Sony’s chief system architect Mark Cerny has given a “deep dive” of the PS5 console hardware for developers.
The PS5’s base hardware features a custom eight-core AMD Zen 2 CPU clocked at 3.5GHz along with a custom GPU based on AMD’s RDNA 2 architecture which promises 10.28 teraflops and 36 compute units clocked at 2.23GHz. The processors are accompanied by 16GB of GDDR6 RAM and a custom 825GB SSD.
For a quick comparison to the recently-unveiled Xbox Series X, Microsoft’s console has the PS5 beat in raw specs on paper. The Xbox Series X features an eight-core processor clocked at 3.8GHz, a GPU with 12 teraflops and 52 compute units each clocked at 1.825GHz. Like Sony’s console, Microsoft’s new hardware comes with 16GB of GDDR6 RAM.
However, as Digital Foundry, says: "Sony's pitch is essentially this: a smaller GPU can be a more nimble, more agile GPU, the inference being that PS5's graphics core should be able to deliver performance higher than you may expect from a TFLOPs number that doesn't accurately encompass the capabilities of all parts of the GPU."
Cerny spoke to over 100 developers in his quest to build a console which addresses any bottlenecks they found while building games for the PS4.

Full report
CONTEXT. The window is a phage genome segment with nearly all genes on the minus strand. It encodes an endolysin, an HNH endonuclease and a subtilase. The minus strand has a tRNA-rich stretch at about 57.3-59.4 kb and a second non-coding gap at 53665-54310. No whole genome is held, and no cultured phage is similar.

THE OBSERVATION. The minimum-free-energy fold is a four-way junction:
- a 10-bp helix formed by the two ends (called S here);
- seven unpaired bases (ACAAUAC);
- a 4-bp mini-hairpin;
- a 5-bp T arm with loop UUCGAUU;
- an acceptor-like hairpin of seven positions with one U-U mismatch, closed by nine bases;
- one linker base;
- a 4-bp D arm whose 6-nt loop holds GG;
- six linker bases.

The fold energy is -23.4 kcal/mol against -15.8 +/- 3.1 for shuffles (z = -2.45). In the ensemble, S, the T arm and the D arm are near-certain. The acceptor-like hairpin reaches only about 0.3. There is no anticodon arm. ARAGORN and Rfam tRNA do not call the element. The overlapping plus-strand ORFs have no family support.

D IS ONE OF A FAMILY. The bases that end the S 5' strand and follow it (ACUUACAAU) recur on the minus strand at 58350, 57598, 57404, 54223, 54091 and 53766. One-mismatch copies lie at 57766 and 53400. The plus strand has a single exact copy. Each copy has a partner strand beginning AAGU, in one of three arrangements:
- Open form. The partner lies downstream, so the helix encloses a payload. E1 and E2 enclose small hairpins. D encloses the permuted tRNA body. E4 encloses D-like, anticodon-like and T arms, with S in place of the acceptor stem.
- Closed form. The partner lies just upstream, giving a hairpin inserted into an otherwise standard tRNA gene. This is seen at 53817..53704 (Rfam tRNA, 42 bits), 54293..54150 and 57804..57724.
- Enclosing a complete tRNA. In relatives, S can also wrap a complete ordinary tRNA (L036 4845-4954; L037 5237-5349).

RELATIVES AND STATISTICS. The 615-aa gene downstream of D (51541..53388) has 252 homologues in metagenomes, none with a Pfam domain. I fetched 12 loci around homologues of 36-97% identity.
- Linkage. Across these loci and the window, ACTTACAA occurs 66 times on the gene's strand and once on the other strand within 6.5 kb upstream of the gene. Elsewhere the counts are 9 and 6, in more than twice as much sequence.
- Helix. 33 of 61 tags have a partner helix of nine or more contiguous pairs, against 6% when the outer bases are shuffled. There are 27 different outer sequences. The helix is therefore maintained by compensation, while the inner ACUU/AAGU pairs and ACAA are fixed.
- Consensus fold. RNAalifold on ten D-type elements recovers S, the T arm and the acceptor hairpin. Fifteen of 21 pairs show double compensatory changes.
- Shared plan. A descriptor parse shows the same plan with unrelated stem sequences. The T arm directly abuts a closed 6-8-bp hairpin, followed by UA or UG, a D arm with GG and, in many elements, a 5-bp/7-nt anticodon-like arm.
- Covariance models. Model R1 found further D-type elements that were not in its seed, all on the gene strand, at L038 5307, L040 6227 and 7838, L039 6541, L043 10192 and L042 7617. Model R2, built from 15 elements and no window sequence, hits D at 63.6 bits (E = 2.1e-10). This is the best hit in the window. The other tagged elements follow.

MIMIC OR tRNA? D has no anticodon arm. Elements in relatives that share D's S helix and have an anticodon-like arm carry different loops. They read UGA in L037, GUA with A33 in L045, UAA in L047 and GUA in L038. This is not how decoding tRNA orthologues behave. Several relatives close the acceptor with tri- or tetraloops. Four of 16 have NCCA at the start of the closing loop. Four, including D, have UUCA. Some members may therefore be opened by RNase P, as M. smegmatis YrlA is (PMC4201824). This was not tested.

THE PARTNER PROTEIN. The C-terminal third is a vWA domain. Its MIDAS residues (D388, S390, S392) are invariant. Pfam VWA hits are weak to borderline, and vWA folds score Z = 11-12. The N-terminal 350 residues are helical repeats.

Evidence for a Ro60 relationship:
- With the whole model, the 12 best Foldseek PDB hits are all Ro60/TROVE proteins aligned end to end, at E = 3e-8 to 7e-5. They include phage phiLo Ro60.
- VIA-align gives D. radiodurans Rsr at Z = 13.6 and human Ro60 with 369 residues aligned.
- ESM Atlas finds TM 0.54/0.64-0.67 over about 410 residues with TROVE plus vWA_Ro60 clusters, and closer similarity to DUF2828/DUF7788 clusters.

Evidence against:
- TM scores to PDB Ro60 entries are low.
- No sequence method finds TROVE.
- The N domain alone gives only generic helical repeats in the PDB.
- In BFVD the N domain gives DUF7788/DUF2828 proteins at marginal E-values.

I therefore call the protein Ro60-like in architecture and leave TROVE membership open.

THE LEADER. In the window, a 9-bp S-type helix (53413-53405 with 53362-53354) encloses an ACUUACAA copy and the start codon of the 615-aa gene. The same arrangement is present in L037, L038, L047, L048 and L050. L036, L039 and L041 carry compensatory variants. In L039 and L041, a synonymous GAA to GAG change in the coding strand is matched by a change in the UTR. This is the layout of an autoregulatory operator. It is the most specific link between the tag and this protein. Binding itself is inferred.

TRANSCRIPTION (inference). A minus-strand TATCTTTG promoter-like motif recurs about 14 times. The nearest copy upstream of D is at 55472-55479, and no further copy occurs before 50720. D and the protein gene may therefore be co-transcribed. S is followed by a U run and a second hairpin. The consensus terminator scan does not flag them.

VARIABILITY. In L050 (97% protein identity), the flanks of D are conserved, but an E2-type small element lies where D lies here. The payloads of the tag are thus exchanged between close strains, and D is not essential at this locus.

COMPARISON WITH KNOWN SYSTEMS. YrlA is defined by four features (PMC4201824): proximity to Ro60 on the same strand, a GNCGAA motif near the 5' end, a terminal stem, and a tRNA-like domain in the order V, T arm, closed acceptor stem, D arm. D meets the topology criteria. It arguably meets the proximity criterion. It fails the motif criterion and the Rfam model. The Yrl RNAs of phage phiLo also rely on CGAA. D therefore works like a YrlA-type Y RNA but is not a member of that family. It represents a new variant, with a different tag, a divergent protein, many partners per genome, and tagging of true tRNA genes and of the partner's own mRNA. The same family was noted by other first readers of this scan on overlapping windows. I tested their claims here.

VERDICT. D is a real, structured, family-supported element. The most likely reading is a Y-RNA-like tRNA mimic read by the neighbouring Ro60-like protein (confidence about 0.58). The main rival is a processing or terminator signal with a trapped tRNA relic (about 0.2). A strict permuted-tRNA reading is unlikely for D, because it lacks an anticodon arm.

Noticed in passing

Listening to developers
One of the main issues developers told Cerny they faced was bottlenecks relating to the use of traditional hard drives. Last year, the PS4 switched to using a SSD which sped-up performance but, with the PS5, Sony is going all-in with a custom SSD.
Cerny highlights that, in the past, game developers would often try to distract gamers from loading with scenes like Spider-Man riding the subway train in the 2018 game. “Fast travel” in games was rarely actually fast and breaks from an immersive experience.
With the PS5, Cerny says developers may have to purposefully slow transition times down. Using Spider-Man as an example, a previous demo showed the game loading levels in around eight seconds on PS4. On PS5, that loading happens in less than a second.
Developers also told Cerny they want support for the Oodle Kraken compression algorithm created by RAD Game Tools. The PS4 used Zlib as its compression format, which the PS5 is also using, but the new console will also support Kraken which Cerny called “Zlib’s smarter cousin”.
A custom decompressor has been built into the PS5’s I/O unit capable of handling over 5GB of Kraken input format per second. After decompression, that becomes around eight or nine gigabytes. The I/O unit itself, however, is capable of outputting as much as 22GB/s if the data compressed well.
You can find a full deep dive of the PS5 architecture in Cerny’s deep dive below:
Concerns have been raised that the PS5 may be delayed until next year given the current global pandemic, but Sony is currently still confident it will be in gamers’ hands by Christmas.
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